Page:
Traditionally held in the village of Ashmore on the Friday evening nearest to Midsummer’s Day.
The festivities begin when Folk and Celidh Band ‘Hambledon Hopstep Band’ begins to play, calling the villagers out to take part in the first dance, led by a Green Man. Dancing continues throughout the evening with Morris Men and other dance groups.
The culmination of the event is the torch-lit procession at dusk with six antlered deer-men and four other colourful costumed characters: a Maid Marion, a bowman, a hobbyhorse and a fool.
The procession and dance is accompanied by a solo melody in a minor key. The procession ends with the torches in the ground around the large village pond and every reveller joins hands for a final dance.
View photos of Filly Loo
The Pack Monday Fair was held on Old Michaelmas Day, 10th October in Sherborne. It started with the arrival of the Teddy Rowe’s Band who paraded the streets making as much noise as possible with tin trays, saucepans, horns, bugles and whistles. Teddy Rowe was the master mason employed in the 15th century to build the great fan vault in the nave of Sherborne Abbey Church. When the work was finished, the workmen packed their tools and paraded in joy around the town (hence ‘Pack Monday’)
The Cerne Abbas Giant is a chalk hill figure near the village of Cerne Abbas. It depicts a large, naked man, with a large erect penis. Its origin and age are unclear. It is often thought of as an ancient construction, though the earliest mention of it dates to the late 17th century. The Cerne Abbas Giant has become an important part of local culture and folklore, often associated with fertility.
Held on 13 May each year, celebrations have taken place in the village of Abbotsbury since the early 19th century. The custom involves children (origiinally only the children of fishermen) which were blessed in a church service and some were then rowed out to sea and set free in the water. The children would then spend the rest of the day playing on the beach.
From around the time of the First World War, other children started to take part. The village school gave the children a day’s holiday and they would construct two garlands, one of wild flowers and the other of garden flowers. These were fixed to poles and paraded from house to house.Two garlands would be placed on the local war memorial.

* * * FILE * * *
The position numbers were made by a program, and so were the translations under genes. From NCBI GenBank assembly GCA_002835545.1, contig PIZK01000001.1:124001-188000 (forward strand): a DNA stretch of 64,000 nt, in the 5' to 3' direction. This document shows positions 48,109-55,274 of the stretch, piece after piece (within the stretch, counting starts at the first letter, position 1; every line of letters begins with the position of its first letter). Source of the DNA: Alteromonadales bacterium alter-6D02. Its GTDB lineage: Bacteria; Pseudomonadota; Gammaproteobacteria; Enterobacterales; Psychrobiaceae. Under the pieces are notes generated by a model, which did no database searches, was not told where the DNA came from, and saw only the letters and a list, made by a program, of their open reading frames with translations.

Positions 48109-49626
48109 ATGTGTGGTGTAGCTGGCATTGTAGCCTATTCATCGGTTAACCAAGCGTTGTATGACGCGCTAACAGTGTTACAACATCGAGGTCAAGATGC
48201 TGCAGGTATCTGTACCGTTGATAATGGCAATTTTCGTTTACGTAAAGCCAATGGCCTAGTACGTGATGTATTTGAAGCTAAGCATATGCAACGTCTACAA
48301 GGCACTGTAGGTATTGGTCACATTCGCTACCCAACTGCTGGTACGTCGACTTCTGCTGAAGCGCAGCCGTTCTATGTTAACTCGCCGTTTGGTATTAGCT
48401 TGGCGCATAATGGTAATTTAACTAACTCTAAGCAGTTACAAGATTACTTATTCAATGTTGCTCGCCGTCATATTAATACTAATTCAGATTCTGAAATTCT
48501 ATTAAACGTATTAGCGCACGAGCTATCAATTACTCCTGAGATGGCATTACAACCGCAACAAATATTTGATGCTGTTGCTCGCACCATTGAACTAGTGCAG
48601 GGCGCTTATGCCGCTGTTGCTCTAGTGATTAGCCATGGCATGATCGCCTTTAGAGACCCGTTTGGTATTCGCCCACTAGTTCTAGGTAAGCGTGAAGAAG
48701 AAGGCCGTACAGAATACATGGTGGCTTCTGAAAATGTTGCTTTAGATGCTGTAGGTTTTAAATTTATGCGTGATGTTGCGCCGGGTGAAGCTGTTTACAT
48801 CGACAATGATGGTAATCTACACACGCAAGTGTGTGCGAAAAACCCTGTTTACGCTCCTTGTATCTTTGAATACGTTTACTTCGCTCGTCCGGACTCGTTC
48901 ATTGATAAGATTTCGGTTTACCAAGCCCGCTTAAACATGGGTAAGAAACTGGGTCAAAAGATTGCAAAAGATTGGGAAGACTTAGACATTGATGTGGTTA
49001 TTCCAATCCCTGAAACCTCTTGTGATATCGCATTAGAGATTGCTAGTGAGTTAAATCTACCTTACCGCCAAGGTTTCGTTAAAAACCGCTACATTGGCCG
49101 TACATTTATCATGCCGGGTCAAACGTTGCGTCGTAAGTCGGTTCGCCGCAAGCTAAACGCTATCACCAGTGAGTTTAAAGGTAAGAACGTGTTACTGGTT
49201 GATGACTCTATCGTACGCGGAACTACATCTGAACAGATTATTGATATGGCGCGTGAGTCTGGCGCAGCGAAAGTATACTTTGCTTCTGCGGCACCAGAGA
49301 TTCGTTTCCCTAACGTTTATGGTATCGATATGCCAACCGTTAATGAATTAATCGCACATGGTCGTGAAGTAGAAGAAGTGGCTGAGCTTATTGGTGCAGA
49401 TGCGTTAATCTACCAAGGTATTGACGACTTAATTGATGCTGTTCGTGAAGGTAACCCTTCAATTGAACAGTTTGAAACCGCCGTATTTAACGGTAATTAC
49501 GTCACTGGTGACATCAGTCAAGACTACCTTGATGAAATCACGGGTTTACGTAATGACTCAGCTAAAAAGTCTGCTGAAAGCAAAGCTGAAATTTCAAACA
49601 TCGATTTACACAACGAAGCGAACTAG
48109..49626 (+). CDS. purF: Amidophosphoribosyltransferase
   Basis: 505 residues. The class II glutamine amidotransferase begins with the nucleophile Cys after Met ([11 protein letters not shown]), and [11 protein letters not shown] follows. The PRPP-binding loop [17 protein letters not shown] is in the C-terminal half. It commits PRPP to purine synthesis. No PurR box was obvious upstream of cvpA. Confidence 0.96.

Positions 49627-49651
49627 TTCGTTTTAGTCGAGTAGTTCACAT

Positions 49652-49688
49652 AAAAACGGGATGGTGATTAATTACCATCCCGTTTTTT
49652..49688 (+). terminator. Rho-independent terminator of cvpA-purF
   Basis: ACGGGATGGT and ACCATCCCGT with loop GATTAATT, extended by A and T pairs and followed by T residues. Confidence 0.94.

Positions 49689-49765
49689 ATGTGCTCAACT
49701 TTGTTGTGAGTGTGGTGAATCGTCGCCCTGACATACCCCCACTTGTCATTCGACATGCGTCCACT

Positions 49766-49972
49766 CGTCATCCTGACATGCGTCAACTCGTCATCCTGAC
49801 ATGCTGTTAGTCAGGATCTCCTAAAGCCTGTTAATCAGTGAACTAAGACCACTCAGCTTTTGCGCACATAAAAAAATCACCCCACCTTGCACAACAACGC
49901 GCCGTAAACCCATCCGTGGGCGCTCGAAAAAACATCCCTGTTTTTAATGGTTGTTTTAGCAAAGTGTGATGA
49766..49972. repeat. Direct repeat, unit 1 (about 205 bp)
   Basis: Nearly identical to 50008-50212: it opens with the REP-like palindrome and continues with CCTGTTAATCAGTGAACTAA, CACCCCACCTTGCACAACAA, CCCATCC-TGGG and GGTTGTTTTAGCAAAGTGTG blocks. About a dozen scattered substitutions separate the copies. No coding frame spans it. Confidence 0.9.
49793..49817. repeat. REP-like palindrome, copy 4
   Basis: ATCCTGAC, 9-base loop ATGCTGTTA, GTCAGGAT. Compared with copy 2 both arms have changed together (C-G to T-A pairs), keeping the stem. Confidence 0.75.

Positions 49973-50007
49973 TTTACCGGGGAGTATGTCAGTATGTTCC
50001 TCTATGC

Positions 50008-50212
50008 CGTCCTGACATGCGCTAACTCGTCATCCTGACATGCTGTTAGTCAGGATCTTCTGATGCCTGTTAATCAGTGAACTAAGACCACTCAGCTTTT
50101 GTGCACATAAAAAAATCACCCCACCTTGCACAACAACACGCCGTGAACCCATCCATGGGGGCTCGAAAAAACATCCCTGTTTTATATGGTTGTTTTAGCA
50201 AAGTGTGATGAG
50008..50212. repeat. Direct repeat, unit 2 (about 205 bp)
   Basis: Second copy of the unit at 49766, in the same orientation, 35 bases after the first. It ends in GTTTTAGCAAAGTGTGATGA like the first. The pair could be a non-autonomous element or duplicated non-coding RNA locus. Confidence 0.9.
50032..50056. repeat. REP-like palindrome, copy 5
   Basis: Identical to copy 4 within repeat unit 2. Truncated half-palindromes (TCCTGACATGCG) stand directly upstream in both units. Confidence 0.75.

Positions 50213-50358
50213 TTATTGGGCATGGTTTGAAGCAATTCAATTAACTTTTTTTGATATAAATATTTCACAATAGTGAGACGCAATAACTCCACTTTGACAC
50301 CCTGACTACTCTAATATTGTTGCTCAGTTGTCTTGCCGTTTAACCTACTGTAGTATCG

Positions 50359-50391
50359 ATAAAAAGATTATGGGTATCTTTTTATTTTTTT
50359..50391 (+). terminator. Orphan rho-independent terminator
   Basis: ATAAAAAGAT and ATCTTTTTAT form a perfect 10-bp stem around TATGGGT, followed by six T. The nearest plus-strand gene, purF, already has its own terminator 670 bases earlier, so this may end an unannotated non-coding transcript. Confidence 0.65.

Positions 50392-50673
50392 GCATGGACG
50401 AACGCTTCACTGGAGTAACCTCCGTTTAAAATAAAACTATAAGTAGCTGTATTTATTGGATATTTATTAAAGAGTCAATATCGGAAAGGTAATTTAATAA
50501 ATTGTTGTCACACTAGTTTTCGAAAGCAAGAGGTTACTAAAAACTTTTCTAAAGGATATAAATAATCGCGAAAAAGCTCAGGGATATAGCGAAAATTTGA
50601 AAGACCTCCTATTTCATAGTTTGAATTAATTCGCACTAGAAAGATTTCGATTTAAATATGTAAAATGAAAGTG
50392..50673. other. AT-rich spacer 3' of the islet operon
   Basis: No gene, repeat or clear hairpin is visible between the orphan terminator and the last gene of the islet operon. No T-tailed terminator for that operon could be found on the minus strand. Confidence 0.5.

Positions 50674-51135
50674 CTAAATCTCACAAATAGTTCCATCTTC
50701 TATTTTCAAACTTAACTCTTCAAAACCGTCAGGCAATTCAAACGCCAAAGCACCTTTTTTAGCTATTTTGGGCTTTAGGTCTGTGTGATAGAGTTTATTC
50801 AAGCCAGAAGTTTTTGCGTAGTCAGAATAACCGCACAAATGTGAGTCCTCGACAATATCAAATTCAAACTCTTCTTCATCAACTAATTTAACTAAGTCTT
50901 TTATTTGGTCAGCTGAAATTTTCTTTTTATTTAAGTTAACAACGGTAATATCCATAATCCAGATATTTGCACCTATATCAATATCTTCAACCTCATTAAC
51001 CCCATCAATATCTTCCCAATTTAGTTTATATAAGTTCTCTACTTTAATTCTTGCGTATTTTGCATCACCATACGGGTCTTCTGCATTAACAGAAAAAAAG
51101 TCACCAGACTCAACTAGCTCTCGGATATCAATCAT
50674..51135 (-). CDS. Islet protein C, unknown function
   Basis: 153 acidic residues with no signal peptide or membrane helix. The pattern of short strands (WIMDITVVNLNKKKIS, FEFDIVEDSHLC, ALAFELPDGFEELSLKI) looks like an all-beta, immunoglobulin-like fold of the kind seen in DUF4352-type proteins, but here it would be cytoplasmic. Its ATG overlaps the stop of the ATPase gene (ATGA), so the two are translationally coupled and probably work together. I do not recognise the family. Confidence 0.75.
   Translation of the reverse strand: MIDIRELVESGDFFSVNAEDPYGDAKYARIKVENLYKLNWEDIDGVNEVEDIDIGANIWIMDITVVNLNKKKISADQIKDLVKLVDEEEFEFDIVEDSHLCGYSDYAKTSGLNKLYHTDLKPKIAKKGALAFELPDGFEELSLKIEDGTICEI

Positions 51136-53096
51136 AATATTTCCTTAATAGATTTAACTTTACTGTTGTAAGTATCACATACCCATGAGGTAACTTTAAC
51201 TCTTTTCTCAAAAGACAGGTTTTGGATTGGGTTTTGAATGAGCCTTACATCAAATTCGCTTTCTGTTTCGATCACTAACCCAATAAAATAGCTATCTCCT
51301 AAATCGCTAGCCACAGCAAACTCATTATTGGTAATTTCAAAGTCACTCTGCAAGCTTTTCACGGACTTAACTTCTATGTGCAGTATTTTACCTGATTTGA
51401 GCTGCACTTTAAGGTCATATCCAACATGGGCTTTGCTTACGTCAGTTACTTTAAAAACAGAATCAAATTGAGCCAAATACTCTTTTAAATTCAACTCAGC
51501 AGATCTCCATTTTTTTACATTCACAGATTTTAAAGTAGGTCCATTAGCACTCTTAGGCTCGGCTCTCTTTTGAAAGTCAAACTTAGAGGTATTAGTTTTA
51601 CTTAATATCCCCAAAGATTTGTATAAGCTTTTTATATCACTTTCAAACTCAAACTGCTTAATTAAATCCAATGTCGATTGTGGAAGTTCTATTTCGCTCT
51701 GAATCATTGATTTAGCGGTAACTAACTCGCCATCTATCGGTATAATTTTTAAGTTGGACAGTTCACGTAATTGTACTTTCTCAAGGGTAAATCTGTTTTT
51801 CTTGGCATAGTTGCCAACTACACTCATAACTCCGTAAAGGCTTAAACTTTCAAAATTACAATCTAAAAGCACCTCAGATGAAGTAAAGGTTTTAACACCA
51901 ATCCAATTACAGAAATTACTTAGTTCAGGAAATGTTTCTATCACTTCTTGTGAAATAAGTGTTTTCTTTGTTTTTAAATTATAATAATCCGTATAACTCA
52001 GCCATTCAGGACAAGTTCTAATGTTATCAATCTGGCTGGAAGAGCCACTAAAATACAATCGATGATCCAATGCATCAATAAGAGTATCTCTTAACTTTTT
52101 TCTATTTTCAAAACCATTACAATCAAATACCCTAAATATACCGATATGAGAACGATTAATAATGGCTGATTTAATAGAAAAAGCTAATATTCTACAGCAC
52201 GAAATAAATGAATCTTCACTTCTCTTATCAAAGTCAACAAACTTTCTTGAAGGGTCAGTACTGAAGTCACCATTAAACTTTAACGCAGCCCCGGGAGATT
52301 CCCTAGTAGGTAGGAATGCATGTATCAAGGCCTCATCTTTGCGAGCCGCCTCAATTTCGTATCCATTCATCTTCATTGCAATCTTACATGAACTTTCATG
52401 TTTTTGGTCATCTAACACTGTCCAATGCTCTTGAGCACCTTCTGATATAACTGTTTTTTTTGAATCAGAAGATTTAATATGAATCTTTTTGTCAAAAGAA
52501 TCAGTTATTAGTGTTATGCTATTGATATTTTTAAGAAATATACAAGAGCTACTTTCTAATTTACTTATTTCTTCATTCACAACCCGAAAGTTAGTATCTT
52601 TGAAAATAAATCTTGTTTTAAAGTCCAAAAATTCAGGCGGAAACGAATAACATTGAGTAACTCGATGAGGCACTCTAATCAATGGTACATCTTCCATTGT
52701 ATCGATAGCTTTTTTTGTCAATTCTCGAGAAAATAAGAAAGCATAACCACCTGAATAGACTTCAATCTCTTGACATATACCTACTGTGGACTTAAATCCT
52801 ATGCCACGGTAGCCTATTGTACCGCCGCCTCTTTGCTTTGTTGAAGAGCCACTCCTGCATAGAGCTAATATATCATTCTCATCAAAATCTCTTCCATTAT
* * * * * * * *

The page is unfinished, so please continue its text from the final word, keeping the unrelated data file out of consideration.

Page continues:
Abbotsbury village school closed in 1981 and the children no longer get a day’s holiday. This has led to the celebrations taking place in the evening or on the nearest Saturday.
The Dorset Ooser is a hollow wooden head that featured in the nineteenth-century folk culture of Melbury Osmond. It had a humanoid face with horns, a beard, and a hinged jaw which allowed the mouth to open and close. Its main recorded purpose was as part of a local variant of the charivari custom known as “Skimity Riding” or “Rough Music”, in which it was used to humiliate those who were deemed to have behaved in an immoral manner.
The Ooser went missing around 1897. In 1975 a replica was produced by John Byfleet, which is on display at Dorset County Museum in Dorchester. The mask is occasionally removed from the museum for use in local Morris dancing processions held by the Wessex Morris Men on both St. George’s Day and May Day.
A set of longbarrows – ridges in the hillsides which are very ancient burial sites – extend along the Ridgeway between Weymouth and Dorchester. At certain times they make strange sounds and have been nicknamed the ‘Singing Marys’.
An old Roman road runs through Thorncombe Woods near Dorchester. There have been several reports, including one from a policemen, of ghosts of Roman legionnaires marching along the road.
The former Antelope Public House in Dorchester town centre (now no longer there) had a story of a motorcycle figure which would appear by the old fireplace. It was thought to be an apparition of Lawrence of Arabia who used to visit the pub.
The hill fort outside Dorchester is a magnet for UFO sightings. It is said that here are a lot of very ancient ley lines that run through the site and it could be that they are attracted to the energies from there.
This event has been held since 2008. The Dorset Knob Throwing and Food Festival event in Cattistock involves participants throwing the locally-made, round biscuit (from Moores bakery of Morecombelake) as far as they can. This unique savoury biscuit has been made by the Moores family since 1880.Additional knob attractions include Knob Eating, Knob Painting, a Knob & Spoon Race, Guess the weight of the Big Knob and Knob Darts. The Knob The event is held on the first Sunday in May.